Originally published on January 26, 2011
Terri (Wysocki) is a humongous high school student who is stuck in a fog of trying to grow up in Azazel Jacobs’ new and wonderful film “Terri.” He lives in a small town with his dementia (or Alzheimer’s) inflicted Uncle James (an amazing Creed Bratton) and spends his days in pajama’s, the only thing that feels comfortable to him. Terri soon strikes up a friendship with the schools Assistant Principal Mr. Fitzgerald (Reilly) who is like a poor man’s Tony Robbins. He speaks in positive yet tacit tones and imparts stories about growing up and overcoming adversity. He decides to meet with Terri once a week to check-in.
I don’t mean to be cruel when I say Terri is humongous, it’s a fact. He’s so big it feels like he doesn’t fit into this world and obviously that’s the visual idea Jacobs is getting at. When we first see him, he’s nearly spilling out of a bathtub and throughout the film, Jacobs frames him in boxed in spaces that add to that nearly suffocating feeling one gets in the midst of puberty or reaching adulthood. “Terri” is an awkward film all around and again, this is a credit to Jacobs and his style, and not a negative aspect at all.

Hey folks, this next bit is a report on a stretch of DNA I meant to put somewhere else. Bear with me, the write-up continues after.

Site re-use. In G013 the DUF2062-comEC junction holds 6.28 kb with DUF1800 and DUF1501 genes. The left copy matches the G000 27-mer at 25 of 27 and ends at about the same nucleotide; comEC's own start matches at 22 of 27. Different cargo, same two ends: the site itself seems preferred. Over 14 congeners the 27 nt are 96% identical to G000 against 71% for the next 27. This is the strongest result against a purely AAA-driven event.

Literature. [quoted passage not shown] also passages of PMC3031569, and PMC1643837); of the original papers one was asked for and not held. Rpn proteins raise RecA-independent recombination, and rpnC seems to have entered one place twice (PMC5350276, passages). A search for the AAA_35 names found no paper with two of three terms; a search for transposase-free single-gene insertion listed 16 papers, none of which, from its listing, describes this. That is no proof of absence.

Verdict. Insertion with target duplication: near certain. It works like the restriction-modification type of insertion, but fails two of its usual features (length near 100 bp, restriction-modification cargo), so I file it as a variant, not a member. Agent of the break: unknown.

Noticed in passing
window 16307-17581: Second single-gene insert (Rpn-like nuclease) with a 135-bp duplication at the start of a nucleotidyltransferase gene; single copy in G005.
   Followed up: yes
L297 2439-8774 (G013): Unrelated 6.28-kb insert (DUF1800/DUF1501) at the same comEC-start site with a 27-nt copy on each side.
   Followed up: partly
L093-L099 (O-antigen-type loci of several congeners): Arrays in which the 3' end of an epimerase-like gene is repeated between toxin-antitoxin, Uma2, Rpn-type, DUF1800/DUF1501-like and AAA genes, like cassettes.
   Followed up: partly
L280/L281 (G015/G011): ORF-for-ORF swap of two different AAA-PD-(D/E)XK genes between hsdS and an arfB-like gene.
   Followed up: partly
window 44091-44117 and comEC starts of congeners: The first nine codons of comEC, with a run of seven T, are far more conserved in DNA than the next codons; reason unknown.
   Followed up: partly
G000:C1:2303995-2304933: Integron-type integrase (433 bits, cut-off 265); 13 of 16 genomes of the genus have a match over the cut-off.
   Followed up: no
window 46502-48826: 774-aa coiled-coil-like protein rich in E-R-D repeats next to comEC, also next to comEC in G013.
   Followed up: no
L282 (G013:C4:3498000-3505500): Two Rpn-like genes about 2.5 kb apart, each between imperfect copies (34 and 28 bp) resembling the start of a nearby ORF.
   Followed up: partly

Throughout the film a sense of tension is felt as you really never know what kind of weird, coarse and funny thing swill happen and as a result, you’re sort of on the edge of your seat. Terri constantly finds out the world isn’t how he now perceives it and this cause him to get upset and react strongly. When you see a hulking, 300 pound plus teenager in pajamas starting to get Hulk-angry, it’s extremely uncomfortable.
But “Terri” isn’t some kind of Todd Solondz or Harmony Korine style freak show, the film is all heart. Terri forms relationships with other freaks, geeks and school outcasts and as a result, you feel genuinely happy for him. Then, things get weird and once again, you’re nearly covering your eyes in fear of what might happen. While again, much of this is credited to Jacobs’ ability to build tension, much of it also comes from the way he’s touching on that angsty, ill-fitting feeling one gets while growing up.
This is Jacobs’ foray to the big kids table of filmmaking and he shows he belongs there. John C. Reilly does his normal Reilly schtick, but here, there’s layers of character involved we don’t always see in his performances. Creed Bratton, who is the favorite minor character of every fan of the American “The Office,” shows he’s actually a really, really good actor and Jacob Wysocki as the titular character in the film is outstanding as well. He has to carry the film and you feel frustrated by him as often as you feel hopeful or happy. It’s a great performance that never slips into a pity-party or some kind of stunt casting. As I said, “Terri” is an odd and uncomfortable film, but I really like those kinds of things. Yet if you give yourself over to the film, you’ll find one of the best films about growing up I’ve seen in a long, long time.